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Prospect Park, Brooklyn, NY
June 18, 2012


Ben and Monique sat on a park bench in the Long Meadow in Prospect Park. It was their 35th wedding anniversary. They had seen the Gringovitch tribe off and were enjoying a perfect June evening. They had a picnic basket, a bottle of champagne and two glasses.

—‘Nique. Here's to you and thirty-five years. I have not regretted one day since you came to Brooklyn with me.

—You're so sweet, Ben, she said, I've loved you since I first saw you on that Pan Am flight to Nice in 1976. Fondest memories.


They sat and watched the people and their dogs, rollerbladers, strollers, ball players and the deepening of the colors as the light began to fade.


—This neighborhood has really changed for the better since we were married 35 years ago., said Monique.

—I guess I made the correct choice. A real estate woman told me yesterday our apartment was worth well over two million. Not bad for a $35,000 investment.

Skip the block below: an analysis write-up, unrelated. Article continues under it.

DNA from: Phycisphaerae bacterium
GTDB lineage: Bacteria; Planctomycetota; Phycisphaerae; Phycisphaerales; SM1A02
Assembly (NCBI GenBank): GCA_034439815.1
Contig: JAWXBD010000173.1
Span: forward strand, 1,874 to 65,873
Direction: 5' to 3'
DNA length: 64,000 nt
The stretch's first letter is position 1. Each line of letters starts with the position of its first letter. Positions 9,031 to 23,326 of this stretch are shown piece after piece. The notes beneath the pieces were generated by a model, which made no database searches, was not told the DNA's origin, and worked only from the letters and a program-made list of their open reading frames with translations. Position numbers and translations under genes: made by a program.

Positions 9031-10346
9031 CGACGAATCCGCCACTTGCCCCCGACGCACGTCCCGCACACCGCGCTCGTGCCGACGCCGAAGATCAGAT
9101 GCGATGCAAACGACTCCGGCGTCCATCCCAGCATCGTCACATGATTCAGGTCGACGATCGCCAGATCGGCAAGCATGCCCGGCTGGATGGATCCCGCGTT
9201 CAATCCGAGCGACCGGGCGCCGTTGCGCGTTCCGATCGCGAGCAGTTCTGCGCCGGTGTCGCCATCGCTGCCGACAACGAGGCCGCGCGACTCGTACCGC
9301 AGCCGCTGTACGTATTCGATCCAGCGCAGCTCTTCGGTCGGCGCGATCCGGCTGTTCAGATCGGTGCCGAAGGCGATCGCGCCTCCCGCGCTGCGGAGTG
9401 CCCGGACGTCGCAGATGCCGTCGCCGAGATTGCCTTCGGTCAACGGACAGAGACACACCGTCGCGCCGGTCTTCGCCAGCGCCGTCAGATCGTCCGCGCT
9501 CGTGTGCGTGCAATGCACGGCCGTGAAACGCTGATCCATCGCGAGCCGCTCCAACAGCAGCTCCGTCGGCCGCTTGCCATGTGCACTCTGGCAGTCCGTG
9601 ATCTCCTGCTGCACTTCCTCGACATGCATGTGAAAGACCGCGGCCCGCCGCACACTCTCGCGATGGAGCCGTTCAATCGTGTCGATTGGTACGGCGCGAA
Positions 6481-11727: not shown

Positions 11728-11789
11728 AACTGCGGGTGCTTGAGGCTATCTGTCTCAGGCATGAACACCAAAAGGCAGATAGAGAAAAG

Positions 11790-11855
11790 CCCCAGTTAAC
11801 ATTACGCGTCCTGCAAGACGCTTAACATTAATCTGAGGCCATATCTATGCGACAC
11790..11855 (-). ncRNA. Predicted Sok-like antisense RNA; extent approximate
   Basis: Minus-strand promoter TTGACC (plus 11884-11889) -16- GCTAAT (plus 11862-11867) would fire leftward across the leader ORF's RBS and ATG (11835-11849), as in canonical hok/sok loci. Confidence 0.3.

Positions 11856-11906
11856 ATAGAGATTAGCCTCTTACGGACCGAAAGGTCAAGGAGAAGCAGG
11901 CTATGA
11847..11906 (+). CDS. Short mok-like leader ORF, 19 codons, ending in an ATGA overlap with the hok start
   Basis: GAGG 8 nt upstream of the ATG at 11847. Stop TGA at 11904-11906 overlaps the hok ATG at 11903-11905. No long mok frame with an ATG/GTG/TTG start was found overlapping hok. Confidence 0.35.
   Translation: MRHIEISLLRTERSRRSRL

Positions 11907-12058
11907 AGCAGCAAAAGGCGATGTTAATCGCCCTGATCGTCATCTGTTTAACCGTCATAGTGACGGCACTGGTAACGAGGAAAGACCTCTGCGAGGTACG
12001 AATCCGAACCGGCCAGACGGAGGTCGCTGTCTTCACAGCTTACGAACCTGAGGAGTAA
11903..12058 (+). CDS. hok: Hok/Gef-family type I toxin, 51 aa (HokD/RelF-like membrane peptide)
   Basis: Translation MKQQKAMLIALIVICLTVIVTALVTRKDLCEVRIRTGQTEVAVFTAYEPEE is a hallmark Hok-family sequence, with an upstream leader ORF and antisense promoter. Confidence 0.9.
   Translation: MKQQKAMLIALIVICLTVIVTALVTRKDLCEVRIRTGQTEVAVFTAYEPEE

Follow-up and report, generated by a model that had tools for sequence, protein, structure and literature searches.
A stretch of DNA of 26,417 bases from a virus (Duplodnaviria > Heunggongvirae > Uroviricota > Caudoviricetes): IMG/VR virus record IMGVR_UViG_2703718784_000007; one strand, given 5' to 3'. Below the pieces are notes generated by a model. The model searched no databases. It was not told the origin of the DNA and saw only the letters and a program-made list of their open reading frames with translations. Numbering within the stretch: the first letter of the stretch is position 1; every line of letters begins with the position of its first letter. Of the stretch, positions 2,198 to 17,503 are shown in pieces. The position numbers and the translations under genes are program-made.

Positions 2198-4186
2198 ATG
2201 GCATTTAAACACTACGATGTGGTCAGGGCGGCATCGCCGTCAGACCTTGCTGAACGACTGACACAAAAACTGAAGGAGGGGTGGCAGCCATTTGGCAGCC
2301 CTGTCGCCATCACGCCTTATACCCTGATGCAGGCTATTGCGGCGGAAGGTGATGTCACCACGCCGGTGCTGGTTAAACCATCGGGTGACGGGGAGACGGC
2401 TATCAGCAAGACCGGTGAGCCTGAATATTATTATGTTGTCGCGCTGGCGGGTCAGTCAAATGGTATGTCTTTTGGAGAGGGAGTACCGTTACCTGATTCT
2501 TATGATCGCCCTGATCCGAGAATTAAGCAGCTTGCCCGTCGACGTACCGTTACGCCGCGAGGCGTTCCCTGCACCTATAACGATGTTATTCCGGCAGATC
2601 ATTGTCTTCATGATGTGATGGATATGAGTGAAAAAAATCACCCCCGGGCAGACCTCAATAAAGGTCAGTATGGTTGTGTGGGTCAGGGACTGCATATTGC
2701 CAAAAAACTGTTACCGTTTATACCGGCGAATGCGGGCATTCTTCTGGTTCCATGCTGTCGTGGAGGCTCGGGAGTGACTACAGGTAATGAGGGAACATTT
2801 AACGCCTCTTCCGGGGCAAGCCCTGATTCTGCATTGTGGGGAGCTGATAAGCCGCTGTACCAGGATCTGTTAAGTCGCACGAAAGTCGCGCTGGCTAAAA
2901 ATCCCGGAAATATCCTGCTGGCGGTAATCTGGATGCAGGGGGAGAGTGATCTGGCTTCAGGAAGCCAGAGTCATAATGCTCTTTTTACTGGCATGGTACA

—Ben, I could never think of leaving here. It's where we became husband and wife. Raised our sons. There are too many cherished memories. Don't you dare sell our home.

—When I fell on that patch of black ice last winter, I thought we should move to Florida, or some warmer place, maybe the Italian Rivera or Mexico.

—Ben, you need a project, stop thinking about moving. You should write a novel about how we met. It's a pretty good story.

—‘Nique, you always have good ideas.

—What would you call it?

—Good question, got any suggestions?


Ben watched brother and sister boarder collies vying to catch a Frisbee. The female timed it perfectly.


—How does Five Million Yen sound?